INSIDER: The First-Time Manager

December 1, 2022

Brandon Chenevert, MBA Candidate

Stock Image of the First-time Manager Book

So, you’ve been promoted to manager—now what? You may have been promoted because of strong technical knowledge or performance, a personal relationship with a boss, or this was an inevitable next step due to seniority. Regardless of the reason, you now have others—and yourself—to take care of. Loren Belker, Jim McCormick, and Gary Topchik’s The First-Time Manager is a resourceful guide to help ease nerves, learn the ropes, recognize new responsibilities, relationships, and risks, and help you make a lasting impact on your organization and others around you through your new management role.

Learning the Ropes

Starting out may be scary to some new managers. As cliché as it sounds, the authors recommend new managers take it slow and approach this new role one day at a time. As a new manager, you will learn each day and also experience change as your career progresses, but one fact that will not change now is that you are working with people, potentially even more than before. As you are promoted, you will most likely experience the following four types of people in the workspace: 1) the people who are not happy about your promotion and may feel jealous, 2) the “yes people” who will start playing up to you, 3) the people who will test you early on to see if you are a good fit, and 4) the more common “wait and see” people, who need time to adjust. All of these personalities will be measuring you against your predecessor—which can be a good or bad thing, depending on where the bar is set. The best way to earn respect is to have a personal touch and get to know your team, and vice versa. They need to know that you are dependable and can hold others accountable to meet the goals of the firm.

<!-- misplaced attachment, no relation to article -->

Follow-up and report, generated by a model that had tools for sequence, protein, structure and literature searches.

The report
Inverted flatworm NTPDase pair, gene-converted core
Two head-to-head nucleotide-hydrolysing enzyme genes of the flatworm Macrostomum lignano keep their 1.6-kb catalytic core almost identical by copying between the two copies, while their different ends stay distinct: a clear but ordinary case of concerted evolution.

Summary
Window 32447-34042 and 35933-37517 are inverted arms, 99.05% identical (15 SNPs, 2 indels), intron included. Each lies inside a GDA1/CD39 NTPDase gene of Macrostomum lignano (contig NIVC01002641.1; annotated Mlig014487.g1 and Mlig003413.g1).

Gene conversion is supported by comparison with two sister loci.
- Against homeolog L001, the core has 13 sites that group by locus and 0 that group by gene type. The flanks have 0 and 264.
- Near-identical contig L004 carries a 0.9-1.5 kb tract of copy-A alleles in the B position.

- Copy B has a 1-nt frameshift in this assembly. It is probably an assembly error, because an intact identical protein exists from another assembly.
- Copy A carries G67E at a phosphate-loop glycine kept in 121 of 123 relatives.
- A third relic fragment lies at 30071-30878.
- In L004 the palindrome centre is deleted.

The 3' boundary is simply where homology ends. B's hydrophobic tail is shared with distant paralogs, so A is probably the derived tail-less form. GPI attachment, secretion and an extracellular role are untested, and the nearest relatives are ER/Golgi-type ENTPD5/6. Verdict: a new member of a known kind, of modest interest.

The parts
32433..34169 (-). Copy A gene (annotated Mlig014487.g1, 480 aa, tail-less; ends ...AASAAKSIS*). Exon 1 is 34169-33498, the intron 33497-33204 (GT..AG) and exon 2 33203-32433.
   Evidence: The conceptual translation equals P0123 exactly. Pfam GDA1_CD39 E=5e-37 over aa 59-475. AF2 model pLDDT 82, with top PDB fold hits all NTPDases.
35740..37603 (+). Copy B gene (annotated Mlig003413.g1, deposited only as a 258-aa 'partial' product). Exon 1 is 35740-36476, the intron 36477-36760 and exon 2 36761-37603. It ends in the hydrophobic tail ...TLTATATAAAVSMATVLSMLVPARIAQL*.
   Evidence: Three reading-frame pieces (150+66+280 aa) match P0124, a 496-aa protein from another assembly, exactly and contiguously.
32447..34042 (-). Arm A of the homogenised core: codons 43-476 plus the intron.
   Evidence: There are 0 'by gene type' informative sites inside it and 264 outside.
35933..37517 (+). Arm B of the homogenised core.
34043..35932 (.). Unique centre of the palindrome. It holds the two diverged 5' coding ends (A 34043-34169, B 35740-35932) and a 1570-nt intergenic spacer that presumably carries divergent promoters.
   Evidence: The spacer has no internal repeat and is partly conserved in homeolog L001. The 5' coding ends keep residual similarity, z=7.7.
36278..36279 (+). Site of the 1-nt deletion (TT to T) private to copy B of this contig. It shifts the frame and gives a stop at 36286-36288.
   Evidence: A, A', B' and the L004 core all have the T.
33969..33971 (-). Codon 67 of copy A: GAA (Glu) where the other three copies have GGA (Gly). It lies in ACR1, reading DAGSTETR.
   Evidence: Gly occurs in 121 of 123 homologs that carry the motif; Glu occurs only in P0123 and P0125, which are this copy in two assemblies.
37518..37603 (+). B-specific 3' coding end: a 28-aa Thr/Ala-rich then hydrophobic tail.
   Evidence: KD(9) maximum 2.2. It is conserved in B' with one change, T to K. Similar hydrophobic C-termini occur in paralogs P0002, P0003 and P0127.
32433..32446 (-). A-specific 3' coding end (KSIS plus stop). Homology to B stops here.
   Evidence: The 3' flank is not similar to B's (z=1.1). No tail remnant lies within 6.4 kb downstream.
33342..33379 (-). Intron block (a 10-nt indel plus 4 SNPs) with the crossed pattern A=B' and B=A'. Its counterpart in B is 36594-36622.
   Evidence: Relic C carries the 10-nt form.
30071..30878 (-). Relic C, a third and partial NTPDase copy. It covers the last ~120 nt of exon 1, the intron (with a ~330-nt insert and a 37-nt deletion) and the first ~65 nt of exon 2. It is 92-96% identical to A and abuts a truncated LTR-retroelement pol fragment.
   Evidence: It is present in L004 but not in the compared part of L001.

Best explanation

Managers must be aware of different styles of leadership and tools to use when interacting with different personalities—and this applies to dealing with superiors, direct reports, and even oneself! For superiors, understand their expectations, personality style, and communication preferences. Do they need extreme details? How do they process information? What are their interests? What is their level of immediacy? For direct reports, understand the level of encouragement and control they need from you. Do they need to constantly be motivated, or do they need more skills and knowledge to complete tasks? Set clear goals and directions for those who need them and be aware of their constraints. Lastly, for yourself, understand the difference between management and leadership. Management is a top-down approach that is directive, structured, and determines methods. Leadership is bottom-up and participative with focus on exceptions, less structure, and dynamic groups that let members determine their own methods. Be a strong manager who is a respected leader so that you can be the most effective and impactful partner possible for your team.